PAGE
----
ILPs: ILPs (formed under the Investment Limited Partnerships Act 1994) are investment partnerships between one or more general partners and one or more limited partners, constituted by written agreements between the parties. A general partner is personally liable for the debts and obligations of the partnership and a limited partner contributes or undertakes to contribute a stated amount to the capital of the partnership. An ILP is a partnership of two or more persons having as its principal business the investment of its funds in property of all kinds and consisting of at least one general partner – ultimately liable for the ILP's debts - and at least one limited partner. The general partner acts in a role roughly equivalent to that of a management company of a unit trust, common contractual fund (CCF) or corporate fund.
CCFs: CCFs (formed under the Investment Funds, Companies and Miscellaneous Provisions Act 2005) are funds constituted under contract law by means of a deed of constitution executed under seal by a management company. The CCF is an unincorporated body and does not have a legal personality, and therefore may act only through the management company. Participants in the CCF hold their participation as co-owners and each participant holds an undivided co-ownership interest as a ‘tenant in common' with other participants.
Each of the legal structures detailed above is authorised and regulated by the Central Bank.
2.3 What are the advantages and disadvantages of these different types of structures?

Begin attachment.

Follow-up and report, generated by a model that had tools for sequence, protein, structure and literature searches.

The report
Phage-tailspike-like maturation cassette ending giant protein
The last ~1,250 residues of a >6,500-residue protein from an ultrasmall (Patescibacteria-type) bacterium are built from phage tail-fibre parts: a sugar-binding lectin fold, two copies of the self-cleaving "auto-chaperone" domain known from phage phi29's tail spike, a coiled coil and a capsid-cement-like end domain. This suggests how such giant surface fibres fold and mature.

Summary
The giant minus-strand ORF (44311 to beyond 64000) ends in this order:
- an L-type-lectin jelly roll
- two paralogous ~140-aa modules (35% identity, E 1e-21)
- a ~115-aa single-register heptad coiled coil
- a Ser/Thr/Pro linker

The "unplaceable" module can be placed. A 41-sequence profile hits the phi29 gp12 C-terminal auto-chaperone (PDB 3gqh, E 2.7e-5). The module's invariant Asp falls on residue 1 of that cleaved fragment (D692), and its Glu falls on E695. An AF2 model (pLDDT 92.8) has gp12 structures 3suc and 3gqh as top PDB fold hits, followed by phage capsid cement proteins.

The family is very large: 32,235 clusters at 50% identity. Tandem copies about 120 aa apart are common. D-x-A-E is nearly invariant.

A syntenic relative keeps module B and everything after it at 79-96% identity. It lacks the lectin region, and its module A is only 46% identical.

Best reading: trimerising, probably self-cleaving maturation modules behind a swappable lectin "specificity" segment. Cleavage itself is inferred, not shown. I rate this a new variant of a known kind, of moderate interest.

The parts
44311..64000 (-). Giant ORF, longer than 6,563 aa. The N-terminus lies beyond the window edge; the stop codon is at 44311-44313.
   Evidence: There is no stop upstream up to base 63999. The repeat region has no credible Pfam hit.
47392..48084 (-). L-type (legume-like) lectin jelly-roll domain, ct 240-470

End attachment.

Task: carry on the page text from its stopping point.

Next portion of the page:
ICAV: An ICAV is the structure of choice for a majority of AIFs established in Ireland. The ICAV was introduced as a bespoke vehicle designed for the funds industry. ICAVs offer the following advantages over other Irish fund structures:
- The ICAV legislation is distinct from Irish company legislation governing investment companies, some of which is not particularly relevant or appropriate for collective investment schemes. The ICAV structure protects investors and fund promoters from any inconveniences arising from changes to Irish company legislation.
- The Central Bank acts as both the registration and supervisory authority for the ICAV. The ICAV application process is administratively efficient for AIFs.
- In circumstances where amendments to the instrument of incorporation are required, prior approval of the investors will not be required, provided that the depositary certifies in writing that the relevant amendments do not prejudice the interests of the shareholders of the ICAV and the amendment does not require shareholder approval under Central Bank requirements.
- The directors of an ICAV can dispense with the general requirement to hold an annual general meeting, provided that they give the ICAV's shareholders 60 days' notice.
- ICAVs can be established as umbrella structures and benefit from statutory segregation of liability between sub-funds
- Irish company law requires that the accounts of all sub-funds of an umbrella-type public limited company (PLC) be included in the consolidated annual financial statements of that company. Separate financial statements for individual sub-funds of an umbrella ICAV may be prepared, which ensures that investors in a single sub-fund will receive only the information that is relevant to them. This reduces the cost and time spent by fund directors and their advisers in compiling and circulating financial statements.
- An ICAV can be treated as a partnership or a disregarded entity for US federal tax purposes, thus making it much more attractive to US taxable investors.
- An AIF ICAV may be structured as a single asset fund and is not subject to a statutory risk spreading requirement.
Unit trust: Unit trusts are very well known and regularly utilised regulated fund vehicles in Ireland. Unit trusts offer the following benefits to investment managers from a structuring perspective:
- The Central Bank acts as both the registration and supervisory authority for the unit trust. The process of establishing a unit trust is administratively efficient for AIFs and involves a single application to the Central Bank.